On a failed investment in the game GeoSweep, that eventually cost New Brunswick and Prince Edward Island taxpayers $8 million, the four auditors found ALC executives used poor judgement and insufficient research in deciding to invest in the British company behind it 

Executives, anxious to see the investment proceed, also rushed the decision and withheld information from ALC' s board of directors on its shortcomings, according to the report

"Management did not fully disclose all relevant information and risks to the board," read the auditors report.

ALC's failed GeoSweep investment cost New Brunswick and P.E.I. taxpayers $8 million.
"The investment proposal included an estimated five-year return on investment of 510 per cent. Despite such a high projected return, which could be indicative of a high risk investment, the risk analyses prepared by management did not identify any high risks associated with this investment."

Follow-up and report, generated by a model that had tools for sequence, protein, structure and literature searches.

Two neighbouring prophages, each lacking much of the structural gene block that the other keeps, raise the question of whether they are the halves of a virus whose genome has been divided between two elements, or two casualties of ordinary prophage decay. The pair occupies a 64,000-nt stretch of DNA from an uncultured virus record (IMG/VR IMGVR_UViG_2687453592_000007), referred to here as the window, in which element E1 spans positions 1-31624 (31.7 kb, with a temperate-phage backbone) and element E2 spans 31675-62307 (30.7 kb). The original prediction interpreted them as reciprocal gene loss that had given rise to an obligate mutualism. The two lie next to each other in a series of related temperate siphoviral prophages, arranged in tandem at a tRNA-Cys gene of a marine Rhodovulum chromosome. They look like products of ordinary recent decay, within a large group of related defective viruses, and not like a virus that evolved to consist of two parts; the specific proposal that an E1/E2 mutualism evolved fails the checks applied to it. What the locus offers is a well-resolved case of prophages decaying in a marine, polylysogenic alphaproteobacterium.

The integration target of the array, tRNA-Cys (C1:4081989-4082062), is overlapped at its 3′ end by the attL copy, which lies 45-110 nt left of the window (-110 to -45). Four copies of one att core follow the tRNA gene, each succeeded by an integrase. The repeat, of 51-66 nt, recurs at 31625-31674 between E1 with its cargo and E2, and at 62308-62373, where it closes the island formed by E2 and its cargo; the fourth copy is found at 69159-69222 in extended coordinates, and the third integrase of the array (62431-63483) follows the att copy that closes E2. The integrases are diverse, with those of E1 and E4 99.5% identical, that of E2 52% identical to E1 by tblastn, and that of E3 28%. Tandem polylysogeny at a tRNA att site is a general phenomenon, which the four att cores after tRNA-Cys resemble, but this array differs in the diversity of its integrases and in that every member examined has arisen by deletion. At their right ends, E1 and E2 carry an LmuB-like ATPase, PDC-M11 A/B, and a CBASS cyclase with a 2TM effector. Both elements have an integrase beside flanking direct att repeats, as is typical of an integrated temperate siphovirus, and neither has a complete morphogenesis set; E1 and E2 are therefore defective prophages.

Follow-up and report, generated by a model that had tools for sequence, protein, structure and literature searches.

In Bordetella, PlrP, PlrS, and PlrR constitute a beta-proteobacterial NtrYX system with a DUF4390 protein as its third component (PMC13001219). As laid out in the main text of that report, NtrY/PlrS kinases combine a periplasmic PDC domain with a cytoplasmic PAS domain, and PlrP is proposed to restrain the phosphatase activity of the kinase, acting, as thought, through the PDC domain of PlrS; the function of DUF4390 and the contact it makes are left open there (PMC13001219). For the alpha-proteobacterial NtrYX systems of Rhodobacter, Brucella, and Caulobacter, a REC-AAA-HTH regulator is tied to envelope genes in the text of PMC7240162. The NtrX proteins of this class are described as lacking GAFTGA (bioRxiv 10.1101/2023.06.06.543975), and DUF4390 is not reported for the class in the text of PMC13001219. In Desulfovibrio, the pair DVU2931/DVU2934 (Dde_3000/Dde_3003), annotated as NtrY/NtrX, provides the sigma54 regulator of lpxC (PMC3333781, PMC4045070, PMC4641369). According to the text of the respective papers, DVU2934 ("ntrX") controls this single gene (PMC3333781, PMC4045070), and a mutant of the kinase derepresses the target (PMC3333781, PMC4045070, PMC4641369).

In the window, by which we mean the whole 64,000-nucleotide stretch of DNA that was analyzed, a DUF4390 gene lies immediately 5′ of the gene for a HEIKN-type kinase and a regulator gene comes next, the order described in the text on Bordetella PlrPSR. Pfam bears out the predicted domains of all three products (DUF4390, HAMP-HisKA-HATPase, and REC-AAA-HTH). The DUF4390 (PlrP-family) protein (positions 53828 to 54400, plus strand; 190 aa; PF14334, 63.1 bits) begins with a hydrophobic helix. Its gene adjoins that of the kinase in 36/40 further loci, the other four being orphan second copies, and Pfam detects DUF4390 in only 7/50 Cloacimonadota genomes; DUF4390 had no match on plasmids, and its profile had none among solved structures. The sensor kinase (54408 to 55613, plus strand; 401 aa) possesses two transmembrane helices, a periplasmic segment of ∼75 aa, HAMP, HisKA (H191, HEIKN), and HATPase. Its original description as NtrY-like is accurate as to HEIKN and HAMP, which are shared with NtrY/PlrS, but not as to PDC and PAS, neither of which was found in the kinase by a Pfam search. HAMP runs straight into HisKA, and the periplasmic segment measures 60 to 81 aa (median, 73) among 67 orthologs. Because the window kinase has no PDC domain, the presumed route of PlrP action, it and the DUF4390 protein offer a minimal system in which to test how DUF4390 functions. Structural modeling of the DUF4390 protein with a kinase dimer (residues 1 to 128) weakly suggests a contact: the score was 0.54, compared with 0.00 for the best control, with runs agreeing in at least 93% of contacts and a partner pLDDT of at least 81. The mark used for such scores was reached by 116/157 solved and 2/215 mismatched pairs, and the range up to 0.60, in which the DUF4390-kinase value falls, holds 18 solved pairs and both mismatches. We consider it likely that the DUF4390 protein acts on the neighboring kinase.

Only the provincial governments of P.E.I. and New Brunswick approved money to be used in the investment, all of which ALC eventually lost when GeoSweep flopped with consumers.

The report states ALC's board of directors have become much more active and independent in questioning management recommendations since the Geosweep failure.

"We found the board learned from this mistake and better exercised their oversight on subsequent major initiatives," read the audit.

Christmas parties and concert tickets

Concern was also expressed with the amount of money spent by ALC on Christmas parties, employee gifts, corporate dinners, undocumented expenses and "relations" with key government officials.